Updated: Nov 16, 2020
So, maybe we all read 'the Cask of Amontillado' in school, eh? Edgar Allen Poe's short story about a guy luring his drunk buddy into the catacombs beneath his castle with promises of a wine-tasting whereupon he chains the poor fool to a wall in an alcove and bricks it up leaving him to rot behind the fresh new wall? Pretty basic Poe, human meanness amplified into intrigue and murder. The victim's name is Fortunato, and of course high school English class likes to dwell on that, ironic cuz he ain't very lucky now is he...
And even though I used to be a smarty pants English major, I admit I never took much time to wonder about the other character's name, the murderer, Montresor. Simple enough, Mon Tresor is 'My Treasure' and is a sweet thing to call someone dear to you, but apparently there's a region in France called Montresor and there the name is usually taken to mean the 'Mountain of Treasure' cuz of a fairy tale wherein a little lizard runs into a fissure in the mountain and comes out all shiny w gold dust enabling a poor nobleman to build his dream castle, and get the girl, of course.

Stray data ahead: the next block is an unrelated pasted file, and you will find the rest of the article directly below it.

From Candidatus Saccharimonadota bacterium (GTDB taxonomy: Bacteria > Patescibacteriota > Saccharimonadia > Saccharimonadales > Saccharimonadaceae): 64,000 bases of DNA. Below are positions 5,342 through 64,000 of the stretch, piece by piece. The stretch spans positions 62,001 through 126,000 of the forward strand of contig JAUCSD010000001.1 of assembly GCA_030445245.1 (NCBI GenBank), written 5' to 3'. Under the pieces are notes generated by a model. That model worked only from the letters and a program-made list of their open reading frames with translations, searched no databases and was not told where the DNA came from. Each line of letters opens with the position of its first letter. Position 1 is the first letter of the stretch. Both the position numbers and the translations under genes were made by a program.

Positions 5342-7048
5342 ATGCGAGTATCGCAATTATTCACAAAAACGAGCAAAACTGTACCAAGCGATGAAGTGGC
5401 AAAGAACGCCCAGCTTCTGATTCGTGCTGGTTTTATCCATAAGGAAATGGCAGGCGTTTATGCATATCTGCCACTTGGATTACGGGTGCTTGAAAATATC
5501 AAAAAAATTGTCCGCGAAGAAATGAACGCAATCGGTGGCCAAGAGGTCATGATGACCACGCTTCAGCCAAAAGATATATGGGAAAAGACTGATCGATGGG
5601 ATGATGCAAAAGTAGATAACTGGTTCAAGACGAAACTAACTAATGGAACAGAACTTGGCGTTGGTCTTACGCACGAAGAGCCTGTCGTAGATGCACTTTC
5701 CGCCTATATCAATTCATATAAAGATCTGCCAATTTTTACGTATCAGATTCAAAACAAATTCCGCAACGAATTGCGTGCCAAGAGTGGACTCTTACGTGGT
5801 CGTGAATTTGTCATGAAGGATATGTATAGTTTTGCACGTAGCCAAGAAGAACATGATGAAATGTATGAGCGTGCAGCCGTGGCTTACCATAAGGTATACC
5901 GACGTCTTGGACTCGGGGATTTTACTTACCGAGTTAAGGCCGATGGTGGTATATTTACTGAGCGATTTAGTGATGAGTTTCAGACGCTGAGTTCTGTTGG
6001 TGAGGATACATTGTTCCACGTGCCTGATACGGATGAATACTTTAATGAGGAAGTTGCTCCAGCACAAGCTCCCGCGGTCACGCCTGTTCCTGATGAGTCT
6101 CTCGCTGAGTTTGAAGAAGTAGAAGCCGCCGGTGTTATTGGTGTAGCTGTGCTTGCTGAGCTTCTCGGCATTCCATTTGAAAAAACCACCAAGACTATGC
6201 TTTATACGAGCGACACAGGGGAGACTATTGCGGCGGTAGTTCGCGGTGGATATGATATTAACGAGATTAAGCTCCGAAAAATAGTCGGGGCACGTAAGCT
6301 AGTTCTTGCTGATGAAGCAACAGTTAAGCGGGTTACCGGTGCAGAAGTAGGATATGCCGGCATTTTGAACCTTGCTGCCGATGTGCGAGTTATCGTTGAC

However a much more likely derivation of this Montresor predates the gold-dust fable, in the 9th century the treasurer of the cathedral at Tours owned the fiefdom and so it was the 'mountain of the treasurer' ~ Mons Thesauri, and so yeah, that's a neat little tidbit: a Thesaurus is a 'treasury' of words. Nice.